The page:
18. Havering, 2009 Euro election:

    Con: 17,303
    UKIP: 15,737
    BNP: 8,627
    Lab: 6,596
    LD: 3,940
    Green: 3,479
    Others: 5,722

  19. Could the BNP really poll more than Labour? The party has collapsed.

    UKIP will do very well here though. On a push, might outpoll the Tories since this isn’t a general election. Havering is an exception in London. One of the few boroughs that hasn’t undergone the kind of demographic changes that other parts have.

  20. ….Oh sorry Andy, I didn’t read that was the 2009 result.

    My mistake!!

  21. I had Romford down for Labour candidate selection on 21 Nov. Any news, or has the date been put back? (Nothing to date on the local party web site or general google search … )

    BR

  22. Sam Gould selected as Labour candidate:

    https://twitter.com/romfordlabour/status/406560482649055233

  23. Anyone know much about this Labour candidate?

    Either way, Rosindell isn’t going anywhere soon. He might lose some ground to UKIP (which as I’ve already mentioned has great potential in Havering) but clearly there’s no doubt about the victor here.

    The only way Labour *might* have still been competitive (and that’s a tall order) in this seat is if they had an equivalent to someone like Gisela Stuart in Romford, i.e. an extremely good local presence with views on Europe that go against the party line. Or someone of the Jon Cruddas mould in terms of their understanding of the white working class.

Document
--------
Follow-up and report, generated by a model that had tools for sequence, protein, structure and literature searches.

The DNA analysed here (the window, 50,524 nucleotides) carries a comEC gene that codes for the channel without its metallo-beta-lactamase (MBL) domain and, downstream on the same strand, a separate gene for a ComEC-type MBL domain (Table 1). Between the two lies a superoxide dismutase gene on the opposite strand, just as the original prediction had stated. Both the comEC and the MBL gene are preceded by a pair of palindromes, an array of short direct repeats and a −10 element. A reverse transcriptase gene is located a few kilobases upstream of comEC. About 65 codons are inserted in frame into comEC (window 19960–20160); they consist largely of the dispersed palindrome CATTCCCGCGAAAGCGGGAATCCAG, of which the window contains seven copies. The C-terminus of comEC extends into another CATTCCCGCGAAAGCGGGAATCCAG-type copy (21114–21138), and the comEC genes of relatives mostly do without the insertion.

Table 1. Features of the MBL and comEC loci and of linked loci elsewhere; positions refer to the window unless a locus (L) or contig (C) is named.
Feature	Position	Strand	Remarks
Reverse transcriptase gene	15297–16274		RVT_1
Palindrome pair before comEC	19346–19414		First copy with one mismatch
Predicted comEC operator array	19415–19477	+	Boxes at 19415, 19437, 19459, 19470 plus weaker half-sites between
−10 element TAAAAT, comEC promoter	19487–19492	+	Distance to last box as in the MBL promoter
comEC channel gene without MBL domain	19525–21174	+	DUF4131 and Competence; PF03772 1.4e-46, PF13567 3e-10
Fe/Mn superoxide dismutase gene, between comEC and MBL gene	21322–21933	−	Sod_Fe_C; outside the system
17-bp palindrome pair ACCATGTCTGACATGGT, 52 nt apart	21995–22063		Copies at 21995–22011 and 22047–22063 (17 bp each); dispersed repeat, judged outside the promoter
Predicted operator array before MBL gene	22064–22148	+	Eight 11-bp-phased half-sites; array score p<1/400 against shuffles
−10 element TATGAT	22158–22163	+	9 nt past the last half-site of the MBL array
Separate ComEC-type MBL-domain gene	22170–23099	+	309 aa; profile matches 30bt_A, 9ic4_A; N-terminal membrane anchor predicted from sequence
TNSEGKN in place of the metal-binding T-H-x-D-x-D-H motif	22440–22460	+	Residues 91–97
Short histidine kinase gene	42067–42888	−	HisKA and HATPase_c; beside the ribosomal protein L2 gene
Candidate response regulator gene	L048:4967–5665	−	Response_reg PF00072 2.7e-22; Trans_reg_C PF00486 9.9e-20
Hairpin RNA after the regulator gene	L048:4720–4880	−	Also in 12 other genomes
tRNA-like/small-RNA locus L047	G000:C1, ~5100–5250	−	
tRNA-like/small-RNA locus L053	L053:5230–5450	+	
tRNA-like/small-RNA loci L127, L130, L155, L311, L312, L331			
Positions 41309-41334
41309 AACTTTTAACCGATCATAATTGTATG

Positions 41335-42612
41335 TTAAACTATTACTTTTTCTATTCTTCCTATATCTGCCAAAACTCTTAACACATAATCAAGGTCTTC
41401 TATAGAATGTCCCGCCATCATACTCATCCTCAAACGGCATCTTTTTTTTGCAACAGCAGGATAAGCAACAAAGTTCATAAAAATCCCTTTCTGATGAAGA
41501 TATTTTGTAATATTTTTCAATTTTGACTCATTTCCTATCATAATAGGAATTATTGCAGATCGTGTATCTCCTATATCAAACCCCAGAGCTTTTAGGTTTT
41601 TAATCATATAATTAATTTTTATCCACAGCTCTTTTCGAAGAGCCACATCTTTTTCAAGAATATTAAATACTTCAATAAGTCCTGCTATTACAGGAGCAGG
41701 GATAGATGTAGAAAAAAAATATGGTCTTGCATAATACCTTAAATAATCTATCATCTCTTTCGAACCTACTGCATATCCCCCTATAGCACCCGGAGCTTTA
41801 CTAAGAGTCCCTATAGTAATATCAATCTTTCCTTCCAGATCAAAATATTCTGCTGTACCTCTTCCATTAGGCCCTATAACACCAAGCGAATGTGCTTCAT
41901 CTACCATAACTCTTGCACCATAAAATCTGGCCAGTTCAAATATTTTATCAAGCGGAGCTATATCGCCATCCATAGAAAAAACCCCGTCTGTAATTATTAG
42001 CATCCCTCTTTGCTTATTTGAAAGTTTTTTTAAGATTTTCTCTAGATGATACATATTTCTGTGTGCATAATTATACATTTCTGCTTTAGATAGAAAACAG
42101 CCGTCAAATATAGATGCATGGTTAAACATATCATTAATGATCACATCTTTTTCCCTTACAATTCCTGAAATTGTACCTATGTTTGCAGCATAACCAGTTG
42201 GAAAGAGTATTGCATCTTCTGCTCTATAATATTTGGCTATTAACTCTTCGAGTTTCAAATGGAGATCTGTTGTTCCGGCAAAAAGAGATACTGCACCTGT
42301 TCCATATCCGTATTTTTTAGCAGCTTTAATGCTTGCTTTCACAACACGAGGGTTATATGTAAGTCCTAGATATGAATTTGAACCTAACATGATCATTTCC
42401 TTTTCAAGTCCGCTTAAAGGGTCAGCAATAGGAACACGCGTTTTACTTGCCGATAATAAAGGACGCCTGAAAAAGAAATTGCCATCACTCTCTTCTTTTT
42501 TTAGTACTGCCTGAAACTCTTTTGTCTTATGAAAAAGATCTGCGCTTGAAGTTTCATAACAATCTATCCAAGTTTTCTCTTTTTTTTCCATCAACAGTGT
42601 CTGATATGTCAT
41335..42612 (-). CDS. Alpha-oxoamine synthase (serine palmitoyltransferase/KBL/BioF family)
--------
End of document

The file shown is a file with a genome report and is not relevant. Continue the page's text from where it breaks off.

24. ‘The only way Labour *might* have still been competitive (and that’s a tall order) in this seat is if they had an equivalent to someone like Gisela Stuart in Romford, i.e. an extremely good local presence with views on Europe that go against the party line. Or someone of the Jon Cruddas mould in terms of their understanding of the white working class.’

    I don’t think even that would help them greatly – Rosindell is a perfect fit for this seat – a bit like Jesse Helms in North Carolina

    I wonder whgat happened to one-term Labour MP Eileen Gordon. To be honest I had never even heard of her – although Labour MP’s seldom interest me

  25. I’d imagine she was rather surprised to be elected in the first place! She was Tony Banks’ longstanding research assistant, and returned to work for him until his death, but I’d imagine she is retired now as she is 67.

    In landslides you always get a couple of utterly bizarre results. In 83 the Tories held all three seats in Nottingham – even Nottingham North where they hardly exist now, and also Leicester East where Keith Vaz now holds a monumental majority. 97 gave us Labour MP’s in Romford and Castle Point.

  26. If she was a researcher for Tony Banks it’s quite likely she was pretty left wing, which made her doubly unsuitable for Romford and perhaps partly explains the severity of her defeat.

    A great shame Banks died so young, he was a great antidote to the SPAD types who have colonised politics in the past 15 years.